two of which, with respect to appointed functionaries, have likewise been ques-

_______________

2 Supra, art. III, secs. 1-4.


3 Proc. No. 1 (1986).
4 CONST. (1986), supra, art. 1, sec. 3.

5 Supra.

6 The various OIC cases, among them, Solis v. Pimentel, G.R. No. 73970, April 10, 1986; Palma v. Fortich, G.R. No. 59679, January 29,

1987; Ignacio v. Banata, G.R. No. 74720, August 31, 1987; Association of Barangay Councils of Las Pias v. Juntilla, G.R. No. 78965, November 17,
1987; Ramos v. Lorenzana, G.R. No. 80282, November 26, 1987; Del Monte v. Ferrer, G.R. 78963, January 13, 1988; Yasay v. Flores, G.R. No. 81047,
January 7, 1988; ending with De Leon v. Esguerra, No. 78059, August 31, 1987, 153 SCRA 602.
99
VOL. 176, AUGUST 8, 1989 99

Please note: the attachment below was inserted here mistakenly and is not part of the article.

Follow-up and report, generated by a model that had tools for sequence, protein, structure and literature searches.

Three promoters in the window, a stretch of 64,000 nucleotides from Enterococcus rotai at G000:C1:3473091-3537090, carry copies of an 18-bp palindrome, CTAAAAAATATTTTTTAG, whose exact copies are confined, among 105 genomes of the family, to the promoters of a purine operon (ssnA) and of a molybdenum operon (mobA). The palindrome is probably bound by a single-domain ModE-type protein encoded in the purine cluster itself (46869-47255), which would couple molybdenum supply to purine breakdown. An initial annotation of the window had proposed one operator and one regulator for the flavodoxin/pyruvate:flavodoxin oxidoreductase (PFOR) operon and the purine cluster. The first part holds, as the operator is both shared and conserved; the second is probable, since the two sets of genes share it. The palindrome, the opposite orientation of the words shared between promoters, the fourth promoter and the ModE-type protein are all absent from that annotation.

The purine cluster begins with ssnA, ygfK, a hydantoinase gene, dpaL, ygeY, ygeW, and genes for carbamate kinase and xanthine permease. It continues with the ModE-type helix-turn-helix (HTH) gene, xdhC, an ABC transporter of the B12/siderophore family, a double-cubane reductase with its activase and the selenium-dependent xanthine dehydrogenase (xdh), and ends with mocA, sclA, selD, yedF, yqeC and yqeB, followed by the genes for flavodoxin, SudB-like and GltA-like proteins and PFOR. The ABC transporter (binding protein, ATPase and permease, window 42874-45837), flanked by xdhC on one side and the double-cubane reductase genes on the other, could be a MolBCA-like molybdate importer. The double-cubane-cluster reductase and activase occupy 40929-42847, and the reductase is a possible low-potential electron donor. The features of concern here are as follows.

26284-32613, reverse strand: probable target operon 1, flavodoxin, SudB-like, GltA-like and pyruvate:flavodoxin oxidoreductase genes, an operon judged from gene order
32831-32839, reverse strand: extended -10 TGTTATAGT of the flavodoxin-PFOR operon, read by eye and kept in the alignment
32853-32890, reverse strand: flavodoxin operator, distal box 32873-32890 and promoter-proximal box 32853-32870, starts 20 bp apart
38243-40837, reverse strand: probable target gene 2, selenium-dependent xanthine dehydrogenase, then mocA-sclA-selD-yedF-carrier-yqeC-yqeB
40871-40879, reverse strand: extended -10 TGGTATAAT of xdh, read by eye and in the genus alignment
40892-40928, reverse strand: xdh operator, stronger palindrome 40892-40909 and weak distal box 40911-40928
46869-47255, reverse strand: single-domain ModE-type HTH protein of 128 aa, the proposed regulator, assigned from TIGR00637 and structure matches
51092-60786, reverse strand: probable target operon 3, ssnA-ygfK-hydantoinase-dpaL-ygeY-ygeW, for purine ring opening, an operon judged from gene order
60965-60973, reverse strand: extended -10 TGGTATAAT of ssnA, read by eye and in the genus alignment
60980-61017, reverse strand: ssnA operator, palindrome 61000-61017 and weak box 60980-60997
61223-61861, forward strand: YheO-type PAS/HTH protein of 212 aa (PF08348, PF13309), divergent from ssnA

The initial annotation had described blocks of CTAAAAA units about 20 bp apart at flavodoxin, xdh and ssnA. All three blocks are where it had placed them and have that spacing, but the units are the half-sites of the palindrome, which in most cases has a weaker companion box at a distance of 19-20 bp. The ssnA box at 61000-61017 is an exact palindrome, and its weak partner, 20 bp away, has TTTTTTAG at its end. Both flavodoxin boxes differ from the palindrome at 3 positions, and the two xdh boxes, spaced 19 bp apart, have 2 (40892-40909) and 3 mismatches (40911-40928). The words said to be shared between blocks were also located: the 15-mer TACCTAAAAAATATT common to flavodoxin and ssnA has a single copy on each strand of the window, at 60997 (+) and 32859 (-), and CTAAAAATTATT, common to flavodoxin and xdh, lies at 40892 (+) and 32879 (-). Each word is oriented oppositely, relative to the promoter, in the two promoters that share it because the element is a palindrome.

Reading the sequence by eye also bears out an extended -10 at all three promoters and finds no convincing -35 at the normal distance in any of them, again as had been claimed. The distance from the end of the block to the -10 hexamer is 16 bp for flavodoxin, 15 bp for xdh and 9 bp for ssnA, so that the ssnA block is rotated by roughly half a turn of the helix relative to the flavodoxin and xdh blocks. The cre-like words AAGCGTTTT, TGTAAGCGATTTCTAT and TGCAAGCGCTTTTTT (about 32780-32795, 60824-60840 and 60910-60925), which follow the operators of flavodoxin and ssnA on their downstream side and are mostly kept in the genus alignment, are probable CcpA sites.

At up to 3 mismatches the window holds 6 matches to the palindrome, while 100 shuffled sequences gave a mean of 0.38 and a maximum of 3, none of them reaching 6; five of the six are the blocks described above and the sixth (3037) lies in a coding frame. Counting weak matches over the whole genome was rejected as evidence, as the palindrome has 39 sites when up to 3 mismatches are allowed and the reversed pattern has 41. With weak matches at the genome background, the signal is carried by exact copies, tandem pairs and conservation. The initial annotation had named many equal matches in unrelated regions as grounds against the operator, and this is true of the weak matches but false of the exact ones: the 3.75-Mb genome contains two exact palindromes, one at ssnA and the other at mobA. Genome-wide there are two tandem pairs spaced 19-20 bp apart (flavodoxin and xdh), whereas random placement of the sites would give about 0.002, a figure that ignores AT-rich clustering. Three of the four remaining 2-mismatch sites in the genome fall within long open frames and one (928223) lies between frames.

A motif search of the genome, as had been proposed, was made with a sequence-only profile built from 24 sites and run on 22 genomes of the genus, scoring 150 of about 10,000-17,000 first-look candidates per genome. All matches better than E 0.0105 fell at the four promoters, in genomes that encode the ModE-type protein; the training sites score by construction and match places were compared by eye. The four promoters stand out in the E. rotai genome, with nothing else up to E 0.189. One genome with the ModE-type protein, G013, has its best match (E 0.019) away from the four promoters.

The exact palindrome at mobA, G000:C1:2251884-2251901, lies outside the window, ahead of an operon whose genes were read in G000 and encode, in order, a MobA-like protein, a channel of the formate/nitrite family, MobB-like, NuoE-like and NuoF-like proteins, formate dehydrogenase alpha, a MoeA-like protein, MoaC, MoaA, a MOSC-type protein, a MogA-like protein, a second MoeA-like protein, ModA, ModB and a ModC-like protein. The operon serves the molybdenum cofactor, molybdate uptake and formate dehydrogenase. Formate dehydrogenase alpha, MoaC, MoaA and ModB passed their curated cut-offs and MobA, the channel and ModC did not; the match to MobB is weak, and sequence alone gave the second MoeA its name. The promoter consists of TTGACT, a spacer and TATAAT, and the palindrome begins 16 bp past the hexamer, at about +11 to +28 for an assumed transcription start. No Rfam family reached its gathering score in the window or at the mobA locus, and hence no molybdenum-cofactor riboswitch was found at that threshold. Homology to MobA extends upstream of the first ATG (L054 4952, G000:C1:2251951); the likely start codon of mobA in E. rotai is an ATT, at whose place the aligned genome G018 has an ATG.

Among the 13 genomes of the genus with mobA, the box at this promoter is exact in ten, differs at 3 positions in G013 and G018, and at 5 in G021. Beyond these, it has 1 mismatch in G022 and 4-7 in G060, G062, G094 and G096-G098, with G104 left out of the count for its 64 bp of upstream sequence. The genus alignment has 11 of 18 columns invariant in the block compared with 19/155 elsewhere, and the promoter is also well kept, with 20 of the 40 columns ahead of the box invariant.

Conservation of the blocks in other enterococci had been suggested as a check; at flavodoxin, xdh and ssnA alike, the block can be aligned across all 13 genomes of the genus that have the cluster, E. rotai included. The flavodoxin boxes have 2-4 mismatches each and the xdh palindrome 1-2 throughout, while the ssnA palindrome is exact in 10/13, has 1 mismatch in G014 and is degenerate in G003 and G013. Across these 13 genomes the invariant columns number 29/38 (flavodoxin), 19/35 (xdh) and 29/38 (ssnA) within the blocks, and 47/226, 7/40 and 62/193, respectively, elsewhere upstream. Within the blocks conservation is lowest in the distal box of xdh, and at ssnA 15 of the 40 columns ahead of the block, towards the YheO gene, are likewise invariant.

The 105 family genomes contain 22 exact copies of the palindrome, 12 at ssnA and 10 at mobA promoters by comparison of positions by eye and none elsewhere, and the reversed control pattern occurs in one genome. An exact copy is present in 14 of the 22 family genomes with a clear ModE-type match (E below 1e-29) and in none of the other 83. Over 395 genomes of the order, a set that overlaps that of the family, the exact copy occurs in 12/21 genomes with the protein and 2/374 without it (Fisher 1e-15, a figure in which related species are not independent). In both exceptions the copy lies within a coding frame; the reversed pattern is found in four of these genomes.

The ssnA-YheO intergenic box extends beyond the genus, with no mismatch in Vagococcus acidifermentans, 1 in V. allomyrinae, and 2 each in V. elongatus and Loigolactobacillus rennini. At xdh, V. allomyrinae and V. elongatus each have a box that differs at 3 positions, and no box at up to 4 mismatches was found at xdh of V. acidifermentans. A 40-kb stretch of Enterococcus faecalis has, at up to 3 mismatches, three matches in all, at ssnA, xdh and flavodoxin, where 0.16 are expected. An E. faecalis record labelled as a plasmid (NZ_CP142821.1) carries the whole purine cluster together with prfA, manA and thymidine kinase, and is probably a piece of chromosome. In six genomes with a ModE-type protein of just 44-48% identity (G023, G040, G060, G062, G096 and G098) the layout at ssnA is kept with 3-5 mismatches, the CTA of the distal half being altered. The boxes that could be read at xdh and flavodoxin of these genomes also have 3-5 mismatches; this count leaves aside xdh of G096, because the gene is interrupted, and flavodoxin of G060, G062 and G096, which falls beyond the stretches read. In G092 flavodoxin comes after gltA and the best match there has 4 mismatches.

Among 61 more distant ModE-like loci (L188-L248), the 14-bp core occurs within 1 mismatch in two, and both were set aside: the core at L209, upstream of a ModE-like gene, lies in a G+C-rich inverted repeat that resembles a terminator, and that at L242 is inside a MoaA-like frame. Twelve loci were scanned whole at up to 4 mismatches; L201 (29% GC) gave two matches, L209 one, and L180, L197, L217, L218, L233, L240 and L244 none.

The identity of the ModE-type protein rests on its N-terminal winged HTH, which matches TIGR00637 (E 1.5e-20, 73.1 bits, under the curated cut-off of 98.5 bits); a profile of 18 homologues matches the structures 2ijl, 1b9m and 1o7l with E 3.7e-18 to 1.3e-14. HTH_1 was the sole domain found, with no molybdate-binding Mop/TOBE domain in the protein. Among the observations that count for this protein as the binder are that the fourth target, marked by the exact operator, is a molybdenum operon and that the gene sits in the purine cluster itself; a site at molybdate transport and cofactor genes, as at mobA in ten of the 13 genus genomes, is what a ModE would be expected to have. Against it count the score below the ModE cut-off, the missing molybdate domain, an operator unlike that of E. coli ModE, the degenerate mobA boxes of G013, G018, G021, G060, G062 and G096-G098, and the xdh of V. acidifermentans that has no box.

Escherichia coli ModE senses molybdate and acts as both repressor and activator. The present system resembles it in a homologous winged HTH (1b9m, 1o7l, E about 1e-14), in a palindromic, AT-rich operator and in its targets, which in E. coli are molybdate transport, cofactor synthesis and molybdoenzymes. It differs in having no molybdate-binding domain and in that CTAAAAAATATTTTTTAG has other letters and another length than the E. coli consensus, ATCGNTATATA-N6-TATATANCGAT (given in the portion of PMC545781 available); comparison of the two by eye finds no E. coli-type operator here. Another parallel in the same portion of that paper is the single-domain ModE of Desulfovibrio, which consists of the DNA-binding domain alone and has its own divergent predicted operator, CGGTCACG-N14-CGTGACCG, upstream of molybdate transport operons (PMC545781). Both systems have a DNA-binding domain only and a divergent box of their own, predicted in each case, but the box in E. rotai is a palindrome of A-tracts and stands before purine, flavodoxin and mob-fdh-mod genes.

Dario vs. Mison
tioned herein. 7

On May 28, 1986, the President enacted Executive Order No. 17, PRESCRIBING RULES AND REGULATIONS
FOR THE IMPLEMENTATION OF SECTION 2, ARTICLE III OF THE FREEDOM CONSTITUTION. Executive
Order No. 17 recognized the unnecessary anxiety and demoralization among the deserving officials and employees
the ongoing government reorganization had generated, and prescribed as grounds for the separation/replacement of
personnel, the following:
SECTION 3. The following shall be the grounds for separation/ replacement of personnel:

1. 1)Existence of a case for summary dismissal pursuant to Section 40 of the Civil Service Law;
2. 2)Existence of a probable cause for violation of the Anti-Graft and Corrupt Practices Act as determined by the Ministry
Head concerned;
3. 3)Gross incompetence or inefficiency in the discharge of functions;
4. 4)Misuse of public office for partisan political purposes;
5. 5)Any other analogous ground showing that the incumbent is unfit to remain in the service or his separation/replacement
is in the interest of the service.
8

On January 30, 1987, the President promulgated Executive Order No. 127, REORGANIZING THE MINISTRY OF